Medical record access focus of 10-state HIE effort

Ten states are joining together to ensure that healthcare providers and individuals have access to medical records after a disaster.

Health information exchanges (HIEs) in Alabama, Florida, Georgia, Louisiana, Michigan, North Carolina, South Carolina, Virginia, West Virginia and Wisconsin are working with the Department of Health and Human Services’ Office of the National Coordinator (ONC) for Health Information Technology (HIT) to enable the exchange of health information related to those who are displaced.

“Through disasters like Hurricane Katrina and Hurricane Sandy and large tornadoes in Alabama and Joplin, Missouri, in 2011 and more recently in Moore, Oklahoma, we have learned the importance of protecting patients’ health records through electronic tools like [HIEs],” said Farzad Mostashari, MD, the national coordinator for HIT. “Patients are better off when states and [HIE] organizations work together to ensure that health information can follow patients when they need it the most.”

The Southeast Regional Health IT and Health Information Exchange Collaboration (SERCH) is leading the collaboration. SERCH was funded through the ONC’s State Health Policy Consortium; of the 10 states involved in the latest effort, Alabama, Georgia, North Carolina, South Carolina and Virginia are members. Additional SERCH members include Arkansas, Kentucky, Mississippi and Tennessee.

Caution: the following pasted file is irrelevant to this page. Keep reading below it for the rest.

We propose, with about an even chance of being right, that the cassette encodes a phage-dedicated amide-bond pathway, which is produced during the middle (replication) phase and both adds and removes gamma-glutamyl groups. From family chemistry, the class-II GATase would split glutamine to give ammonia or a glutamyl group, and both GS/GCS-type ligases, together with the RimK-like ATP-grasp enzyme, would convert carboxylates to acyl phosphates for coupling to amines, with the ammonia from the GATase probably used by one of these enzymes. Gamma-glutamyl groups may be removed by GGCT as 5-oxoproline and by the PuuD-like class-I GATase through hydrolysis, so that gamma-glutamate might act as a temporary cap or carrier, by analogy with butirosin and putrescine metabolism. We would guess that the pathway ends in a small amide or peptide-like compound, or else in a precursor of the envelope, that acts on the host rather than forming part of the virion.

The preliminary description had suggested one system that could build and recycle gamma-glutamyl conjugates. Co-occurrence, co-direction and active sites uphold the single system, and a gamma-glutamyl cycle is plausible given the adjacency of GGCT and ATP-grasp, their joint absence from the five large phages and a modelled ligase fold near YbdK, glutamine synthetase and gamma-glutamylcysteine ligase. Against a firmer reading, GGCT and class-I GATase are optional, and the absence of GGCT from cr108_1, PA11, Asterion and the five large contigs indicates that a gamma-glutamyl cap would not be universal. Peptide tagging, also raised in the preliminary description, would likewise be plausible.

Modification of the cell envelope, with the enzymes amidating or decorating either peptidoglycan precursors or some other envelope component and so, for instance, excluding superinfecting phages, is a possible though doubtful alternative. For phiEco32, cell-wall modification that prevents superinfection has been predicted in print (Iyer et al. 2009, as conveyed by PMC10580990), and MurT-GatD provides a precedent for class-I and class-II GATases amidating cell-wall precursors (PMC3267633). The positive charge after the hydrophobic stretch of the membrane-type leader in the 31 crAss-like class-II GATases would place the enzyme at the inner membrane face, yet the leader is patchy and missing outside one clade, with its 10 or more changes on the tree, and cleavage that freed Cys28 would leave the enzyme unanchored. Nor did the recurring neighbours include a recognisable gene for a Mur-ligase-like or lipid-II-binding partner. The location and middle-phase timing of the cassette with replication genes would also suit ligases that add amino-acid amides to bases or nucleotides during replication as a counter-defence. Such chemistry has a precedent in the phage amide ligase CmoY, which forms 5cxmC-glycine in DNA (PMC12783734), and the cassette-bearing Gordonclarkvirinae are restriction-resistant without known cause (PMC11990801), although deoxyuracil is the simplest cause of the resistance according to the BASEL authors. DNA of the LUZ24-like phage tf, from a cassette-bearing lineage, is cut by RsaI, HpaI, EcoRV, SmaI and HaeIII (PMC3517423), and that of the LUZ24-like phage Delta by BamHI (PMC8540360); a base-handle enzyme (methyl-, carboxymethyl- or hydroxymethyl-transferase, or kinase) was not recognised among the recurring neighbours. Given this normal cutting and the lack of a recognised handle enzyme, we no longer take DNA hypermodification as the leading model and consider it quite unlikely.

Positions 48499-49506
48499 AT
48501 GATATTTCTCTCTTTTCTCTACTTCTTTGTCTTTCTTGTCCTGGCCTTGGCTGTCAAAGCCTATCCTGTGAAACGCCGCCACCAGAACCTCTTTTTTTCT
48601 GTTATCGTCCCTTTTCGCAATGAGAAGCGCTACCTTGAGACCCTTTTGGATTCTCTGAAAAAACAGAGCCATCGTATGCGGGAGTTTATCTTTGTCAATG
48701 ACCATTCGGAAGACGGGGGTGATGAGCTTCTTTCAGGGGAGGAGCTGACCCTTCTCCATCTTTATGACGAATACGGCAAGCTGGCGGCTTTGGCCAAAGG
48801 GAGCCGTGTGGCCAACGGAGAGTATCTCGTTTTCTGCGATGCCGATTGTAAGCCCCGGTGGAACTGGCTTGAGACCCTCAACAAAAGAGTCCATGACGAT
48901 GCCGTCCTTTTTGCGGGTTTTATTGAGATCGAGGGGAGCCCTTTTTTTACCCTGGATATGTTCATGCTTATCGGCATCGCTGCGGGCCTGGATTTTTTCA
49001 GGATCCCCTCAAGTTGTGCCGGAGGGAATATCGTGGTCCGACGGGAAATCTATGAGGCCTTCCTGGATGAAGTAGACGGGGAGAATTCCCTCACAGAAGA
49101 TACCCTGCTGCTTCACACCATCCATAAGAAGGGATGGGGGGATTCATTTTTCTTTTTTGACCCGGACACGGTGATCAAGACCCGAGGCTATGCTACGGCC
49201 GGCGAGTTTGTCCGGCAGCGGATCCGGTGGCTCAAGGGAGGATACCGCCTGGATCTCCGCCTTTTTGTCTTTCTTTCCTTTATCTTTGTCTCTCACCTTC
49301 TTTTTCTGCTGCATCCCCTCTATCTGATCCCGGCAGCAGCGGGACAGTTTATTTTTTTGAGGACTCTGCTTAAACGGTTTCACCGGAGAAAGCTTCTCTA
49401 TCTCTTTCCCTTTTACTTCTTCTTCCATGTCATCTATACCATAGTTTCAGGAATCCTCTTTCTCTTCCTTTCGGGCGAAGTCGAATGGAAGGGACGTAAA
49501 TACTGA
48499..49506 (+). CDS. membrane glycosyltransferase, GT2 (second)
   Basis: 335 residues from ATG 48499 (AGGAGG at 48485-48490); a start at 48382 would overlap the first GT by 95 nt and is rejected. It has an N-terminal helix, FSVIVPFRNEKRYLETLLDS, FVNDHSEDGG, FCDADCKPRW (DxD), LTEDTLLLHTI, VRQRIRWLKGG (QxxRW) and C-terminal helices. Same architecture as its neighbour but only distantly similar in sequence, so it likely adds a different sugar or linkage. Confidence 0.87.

The aforementioned states in the new collaboration each have at least one operational interstate connection and are working with other states. The 10-state initiative is being made possible through HIT infrastructure provided through Direct, a tool developed by an ONC-led collaboration to allow for the secure exchange of health information over the Internet.

In 2012, SERCH completed an analysis of barriers to HIE and issued recommendations for developing infrastructure to support disaster preparedness and response. In its final report, SERCH recommended a phased approach to use existing data sources, such as health plans and state agencies, to overcome barriers to HIE across states.

“The SERCH effort will enable healthcare providers to contact a patient’s health plans and available healthcare providers for information about the patient’s medical history when it is most needed,” said Nicole Lurie, MD, assistant secretary for preparedness and response.

Topics: Disaster Preparedness , Executive Leadership , Technology & IT